A British artist has started a campaign to “remember and honour” every single woman killed by a man in Britain last year by painting their portrait.
Henny Beaumont from north London got the idea after hearing Labour MP Jess Phillips read out all 118 names in the House of Commons on International Women’s Day.
“It made me curious about all these other women and why we didn’t know them. I wanted to create a memorial to them. I paint them and film myself painting them, then I pause and reverse the image so you see them disappearing.
“I had lots of comments from people calling them ‘unpaintings’, but I’m calling them ‘Disappearing Women’. They are symbolic of what has happened to these women.”
Henny has completed 19 paintings so far and has another 99 to go before her work will be finished.
One of those she has already painted is 40-year-old Kelly Fitzgibbons who was shot dead at her home in West Sussex last March by her partner, who also murdered their daughters Ava, who was four and Lexi, who was two. He then turned the gun on himself.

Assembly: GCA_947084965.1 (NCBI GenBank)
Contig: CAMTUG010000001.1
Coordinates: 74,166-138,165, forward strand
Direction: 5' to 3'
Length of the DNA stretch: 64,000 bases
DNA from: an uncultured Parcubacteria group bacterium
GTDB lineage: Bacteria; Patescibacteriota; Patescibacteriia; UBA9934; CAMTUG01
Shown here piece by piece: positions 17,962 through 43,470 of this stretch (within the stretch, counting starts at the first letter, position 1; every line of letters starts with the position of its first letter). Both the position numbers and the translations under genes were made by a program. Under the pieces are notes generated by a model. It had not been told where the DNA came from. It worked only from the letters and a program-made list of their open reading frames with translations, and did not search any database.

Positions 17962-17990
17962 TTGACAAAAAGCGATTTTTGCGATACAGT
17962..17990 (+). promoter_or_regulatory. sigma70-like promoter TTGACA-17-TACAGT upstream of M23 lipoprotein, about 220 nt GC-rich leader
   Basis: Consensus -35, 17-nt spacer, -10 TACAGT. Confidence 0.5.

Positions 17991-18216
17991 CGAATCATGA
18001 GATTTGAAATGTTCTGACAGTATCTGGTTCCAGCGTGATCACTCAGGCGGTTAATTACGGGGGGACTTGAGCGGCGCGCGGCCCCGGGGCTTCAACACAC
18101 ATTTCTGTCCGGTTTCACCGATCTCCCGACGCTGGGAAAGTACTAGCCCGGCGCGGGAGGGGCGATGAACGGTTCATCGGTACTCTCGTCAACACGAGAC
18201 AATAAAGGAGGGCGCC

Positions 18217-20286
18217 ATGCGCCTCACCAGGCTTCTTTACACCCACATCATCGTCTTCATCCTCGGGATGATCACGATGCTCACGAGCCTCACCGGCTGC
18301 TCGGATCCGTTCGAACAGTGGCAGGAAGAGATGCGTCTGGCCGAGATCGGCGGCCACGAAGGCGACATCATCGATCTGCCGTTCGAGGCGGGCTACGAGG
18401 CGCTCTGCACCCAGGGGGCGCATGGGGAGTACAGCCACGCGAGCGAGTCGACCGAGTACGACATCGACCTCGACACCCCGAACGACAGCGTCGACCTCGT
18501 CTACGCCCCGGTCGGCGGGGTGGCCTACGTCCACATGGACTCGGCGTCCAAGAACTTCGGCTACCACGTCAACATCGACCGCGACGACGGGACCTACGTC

“This campaign is so important purely because it has raised our awareness,” Kelly’s best friend Sue Redman told Sky News at the memorial bench in her name in the West Sussex village of Bosham.
“We had no idea until someone gave us the heads up that Kelly’s name had been read out in the House of Commons.
“We had absolutely no idea of the number of women, I wouldn’t have even thought that there were that many murders in the UK in a year, let alone women murdered at the hands of men.
“It’s truly shocking and it’s very, very right what Jess Phillips has done. Kelly was an amazing girl, so popular and so loved. She was such a fantastic mother, she put the rest of us to shame. We first met at the village youth club when we were 13 and I was lucky enough to be her best friend.”
Kelly’s twin sister Emma has now launched the Kelly Fitzgibbons Foundation to provide information, advice and practical support for families who have lost loved ones in traumatic circumstances.
Henny Beaumont has delivered her painting of Kelly and her daughters to Kelly’s father and will share images of her work on a regular basis via Twitter and her website.